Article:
Thursday, November 30, 2006

The Odyssey - post X

This epic comes to an end and it has not been the experience I expected at all being much more accessible and enjoyable. You expect this to be a heavy tome that is full of intellectual but irrelevant content but that is far from the reality

Bullet points from chapters twenty two to twenty four

Twenty two
This is a chapter of carnage as one by one the suitors are slaughtered and Odysseus gets his revenge with the text merrily describing the punishment he hands out to the suitors

He then goes further and gets the women, twelve of them, who have betrayed him and gets those maids to take the corpses out and wash down the blood then they are taken and hanged for their disloyalty

Twenty three
There are some scholars, I got his surfing the web, that believe this is where the story should have ended and the next chapter was added later and it makes sense because it is the moment Odysseus and Penelope are reunited

Initially the wife refuses to accept that Odysseus has come back but then he reveals a secret only he would have known and she embraces him and listens as he recounts all that has happened on his travels

Twenty Four
The suitors head into the underworld and recount their tale of woe and blame Penelope for leading them on

Meanwhile Odysseus goes to visit his father and as before pretends at first to be a stranger and back in the town the fathers and friends decide to avenge the suitors deaths and a battle is just on the brink of starting when Athena comes down and orders them to stop and make peace

That’s all so I will post a full review in the next couple of days…

The real reason for the attacks?

An interesting point is made on The Bibliosphere about the legitimacy of the research done by those people who are attacking lit bloggers. The thing about this debate is it is bigger, much bigger than just about lit blogs, but is about the future of the publishing industry. Writing as a print journalist (who writes about computer suppliers) I know that we are coming under pressure to move to the web and the strategy although unclear in the detail seems to be heading in only one direction – the web.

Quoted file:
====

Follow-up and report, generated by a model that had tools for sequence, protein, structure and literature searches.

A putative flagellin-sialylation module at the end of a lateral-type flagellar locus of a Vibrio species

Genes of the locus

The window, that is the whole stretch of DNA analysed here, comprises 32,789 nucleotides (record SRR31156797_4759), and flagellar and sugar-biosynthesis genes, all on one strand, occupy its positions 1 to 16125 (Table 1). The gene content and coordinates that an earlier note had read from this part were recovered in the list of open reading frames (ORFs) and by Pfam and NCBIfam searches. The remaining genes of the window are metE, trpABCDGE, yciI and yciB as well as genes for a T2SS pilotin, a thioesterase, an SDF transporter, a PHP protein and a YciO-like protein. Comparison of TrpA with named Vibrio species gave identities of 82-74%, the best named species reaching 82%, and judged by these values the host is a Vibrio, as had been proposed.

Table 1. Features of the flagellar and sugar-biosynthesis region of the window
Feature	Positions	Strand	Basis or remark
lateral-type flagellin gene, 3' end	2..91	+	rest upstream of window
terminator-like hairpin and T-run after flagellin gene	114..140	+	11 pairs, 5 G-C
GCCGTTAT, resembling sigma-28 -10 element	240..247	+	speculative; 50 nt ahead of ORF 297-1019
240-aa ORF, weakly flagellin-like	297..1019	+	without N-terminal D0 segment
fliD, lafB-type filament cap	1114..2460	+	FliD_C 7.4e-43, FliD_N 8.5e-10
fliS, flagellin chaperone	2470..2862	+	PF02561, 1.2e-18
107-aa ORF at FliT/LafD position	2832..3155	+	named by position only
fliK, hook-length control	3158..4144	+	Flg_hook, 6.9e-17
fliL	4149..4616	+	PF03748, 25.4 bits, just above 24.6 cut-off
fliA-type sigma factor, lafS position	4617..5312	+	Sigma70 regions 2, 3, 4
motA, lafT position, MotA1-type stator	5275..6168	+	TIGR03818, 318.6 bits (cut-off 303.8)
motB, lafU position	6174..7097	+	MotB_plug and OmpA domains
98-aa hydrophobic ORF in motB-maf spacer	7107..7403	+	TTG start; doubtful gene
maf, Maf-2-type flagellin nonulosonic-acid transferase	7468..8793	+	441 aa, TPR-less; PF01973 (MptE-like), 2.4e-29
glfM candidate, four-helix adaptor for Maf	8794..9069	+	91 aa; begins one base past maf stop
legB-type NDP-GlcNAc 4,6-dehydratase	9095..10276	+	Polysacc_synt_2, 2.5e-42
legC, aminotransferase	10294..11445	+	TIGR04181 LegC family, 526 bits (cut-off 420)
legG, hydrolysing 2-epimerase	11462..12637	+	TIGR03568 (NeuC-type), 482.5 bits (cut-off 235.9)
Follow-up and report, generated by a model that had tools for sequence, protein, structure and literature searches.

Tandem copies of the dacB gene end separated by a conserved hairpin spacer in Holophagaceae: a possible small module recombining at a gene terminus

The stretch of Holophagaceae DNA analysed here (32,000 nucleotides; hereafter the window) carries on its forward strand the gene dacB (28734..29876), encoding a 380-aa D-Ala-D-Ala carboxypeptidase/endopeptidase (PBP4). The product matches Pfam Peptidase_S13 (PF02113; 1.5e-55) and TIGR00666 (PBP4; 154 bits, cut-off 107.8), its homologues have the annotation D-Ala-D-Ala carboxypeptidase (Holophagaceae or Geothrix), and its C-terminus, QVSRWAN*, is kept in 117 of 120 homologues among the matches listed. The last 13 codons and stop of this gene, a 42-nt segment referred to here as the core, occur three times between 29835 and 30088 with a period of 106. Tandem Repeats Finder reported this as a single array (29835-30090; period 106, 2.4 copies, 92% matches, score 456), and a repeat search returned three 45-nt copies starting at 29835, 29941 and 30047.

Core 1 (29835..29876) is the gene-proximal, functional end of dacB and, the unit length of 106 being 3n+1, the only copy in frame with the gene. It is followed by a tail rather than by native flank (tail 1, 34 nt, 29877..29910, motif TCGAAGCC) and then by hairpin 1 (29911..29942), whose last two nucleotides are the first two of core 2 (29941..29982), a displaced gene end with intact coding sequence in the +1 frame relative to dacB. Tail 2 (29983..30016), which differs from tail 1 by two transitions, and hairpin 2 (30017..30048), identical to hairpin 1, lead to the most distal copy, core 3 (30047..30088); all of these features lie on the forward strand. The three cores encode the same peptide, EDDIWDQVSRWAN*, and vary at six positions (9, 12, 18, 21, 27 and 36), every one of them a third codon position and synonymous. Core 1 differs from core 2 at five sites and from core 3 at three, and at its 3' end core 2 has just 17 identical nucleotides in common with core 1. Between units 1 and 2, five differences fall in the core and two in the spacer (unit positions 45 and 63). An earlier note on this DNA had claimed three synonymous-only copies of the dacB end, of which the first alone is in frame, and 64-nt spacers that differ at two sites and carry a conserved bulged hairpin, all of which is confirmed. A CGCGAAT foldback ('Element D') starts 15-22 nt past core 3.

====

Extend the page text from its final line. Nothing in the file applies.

A large number of journalists don’t understand the web, don’t blog or MySpace so have no direct involvement with it but have obviously heard about it and seen the blogs grow in influence and reputation.

What they are really worried about is that the web will not only bring the barriers down and allow someone without their connections and position to write about the same subject publicly but when they finally make the move from paper, to paper and web and then maybe at one point in the future just web, there will be a lot of content already vying for the readers attention.

At that stage it becomes about hits, content and advertising and maybe in these sneering attacks on bloggers there is a growing recognition that there may come a day soon when they have to compete with bloggers more head-on and that is what is really scaring them so they are getting in now to discredit the emerging competition.

The White Guard - post I

The First World War and revolution are such deep wells to draw on to provide inspiration for events and characters that it is almost impossible not to feel the fear of approaching violence from the very first pages of Bulgakov’s book

It is the perfect book to follow Taras Bulba because again the location is the Ukraine and again the backdrop is war.

Bullet points between pages 3 – 50

* You are introduced to Kiev in the last month of 1918 and a family of three – Elena, Alexei and Nikolka – who are burying their mother and are left all alone in their second floor apartment to live and defend for themselves

* The eldest son Alexei is studying to be a doctor, Elena is married to a solider Talberg and Nikolka is 17 and they are surviving the cold winter burning wood on the stove when they hear the distant sound of artillery fire

* The sound is put in context with the city being occupied by the Germans but being attacked by the communists and Elena is worried because her husband Talberg has yet to return home

* The door bell rings but it is an old friend come from the shambles of the front and he scares them with his talk of frostbite, machine gun fire and the chaotic state of headquarters

* Talberg does return but reveals that the Germans are pulling out and he is a marked man and so is going to go with them into hiding and try to link up with General Denikin’s troops in the South and return with that army

* Two more old friends and soldiers arrive and they start discussing the war and show their loyalty to the Tsar, which frightens the neighbour below who has acted as a metaphor for the fear the townsfolk are feeling about the rise of communism

More tomorrow and the final parts of the Odyssey tonight…

Wednesday, November 29, 2006

Great Ulysses links